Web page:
The nature of the information
on the database
114. The Government accepts that no "case information"
should be recorded on the databases. We welcome the Government's
amendment of the Bill to make clear that regulations cannot provide
for medical records or other personal records to be included on
We also welcome the Government's acceptance that the database
will operate in accordance with the Data Protection Act 1998,
and its amendment of the Bill to provide for guidance to include
advice about existing rights under the Data Protection Act.
However, the information which may be included on the database
about a child goes beyond purely objective facts about a child,
such as their name, address and date of birth. It includes information,
such as contact details of persons providing services including
health services, which may reveal very sensitive information about
a child, such as the fact that a seventeen year old girl has been
referred to family planning services. It also includes "the
existence of any cause for concern" about a child, which
is an extremely subjective and open-ended phrase which is almost
bound to include very sensitive information about a child.
115. We welcome the fact that the Government accepts
that this is a matter which must be dealt with carefully. It has
promised to consult about the extent to which the inclusion of
sensitive information about a child, or its disclosure, should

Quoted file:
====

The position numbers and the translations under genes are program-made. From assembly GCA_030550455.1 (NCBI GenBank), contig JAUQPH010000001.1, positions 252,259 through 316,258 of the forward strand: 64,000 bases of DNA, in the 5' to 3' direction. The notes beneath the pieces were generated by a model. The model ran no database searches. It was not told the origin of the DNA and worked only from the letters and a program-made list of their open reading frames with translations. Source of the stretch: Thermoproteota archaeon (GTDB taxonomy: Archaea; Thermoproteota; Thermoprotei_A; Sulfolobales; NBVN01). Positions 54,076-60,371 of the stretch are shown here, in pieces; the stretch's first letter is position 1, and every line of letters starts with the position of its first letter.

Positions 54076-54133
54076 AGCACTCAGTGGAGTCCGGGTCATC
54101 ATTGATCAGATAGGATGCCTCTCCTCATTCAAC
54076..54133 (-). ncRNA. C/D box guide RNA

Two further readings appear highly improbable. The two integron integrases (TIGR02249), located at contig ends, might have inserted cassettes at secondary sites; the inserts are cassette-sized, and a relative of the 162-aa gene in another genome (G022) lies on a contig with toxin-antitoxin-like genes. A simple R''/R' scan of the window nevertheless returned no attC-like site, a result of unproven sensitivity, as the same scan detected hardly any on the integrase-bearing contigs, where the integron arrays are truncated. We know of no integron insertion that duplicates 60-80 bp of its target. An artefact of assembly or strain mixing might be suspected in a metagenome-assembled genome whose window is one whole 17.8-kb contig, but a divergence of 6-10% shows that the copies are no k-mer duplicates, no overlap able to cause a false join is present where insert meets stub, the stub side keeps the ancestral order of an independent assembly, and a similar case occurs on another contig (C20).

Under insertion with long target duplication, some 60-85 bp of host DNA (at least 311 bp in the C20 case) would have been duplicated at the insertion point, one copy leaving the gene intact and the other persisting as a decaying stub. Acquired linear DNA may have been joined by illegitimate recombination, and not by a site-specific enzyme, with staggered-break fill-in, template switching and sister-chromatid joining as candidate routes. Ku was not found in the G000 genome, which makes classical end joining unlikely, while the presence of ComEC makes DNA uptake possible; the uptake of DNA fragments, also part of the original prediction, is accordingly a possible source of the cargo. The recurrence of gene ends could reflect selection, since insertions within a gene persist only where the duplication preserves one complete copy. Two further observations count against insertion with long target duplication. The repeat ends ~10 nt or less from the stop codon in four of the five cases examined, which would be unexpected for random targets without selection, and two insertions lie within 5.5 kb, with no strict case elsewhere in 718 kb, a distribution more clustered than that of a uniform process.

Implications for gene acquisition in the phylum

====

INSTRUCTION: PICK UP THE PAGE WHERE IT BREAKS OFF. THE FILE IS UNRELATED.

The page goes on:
be subject to the consent of the child or their parents, with
a view to dealing with the matter in regulations.
We look forward to an opportunity to scrutinise a draft of those
regulations. We remind the Government that Article 8 requires
that there be adequate procedural safeguards regulating the disclosure
of sensitive personal information, and these may require participation
by the person who is the subject of the information in decisions
concerning the inclusion and disclosure of certain types of information.
116. We also note that the information recorded will
include the contact details of professionals involved with the
child in the expectation that professionals will contact each
other and share information about the child. In our view there
will be a need for detailed guidance to professionals about the
appropriate limits of information-sharing in order to ensure proper
protection for children's Article 8 rights. We welcome the Government's
acceptance of the need for comprehensive statutory guidance on
information sharing, in response to an amendment proposed by the
Earl of Northesk and supported by Lord Campbell of Alloway, a
member of this Committee.
We trust that the Committee will be fully consulted on the draft
of such guidance, given its important implications for Article
117. We draw these matters to the attention of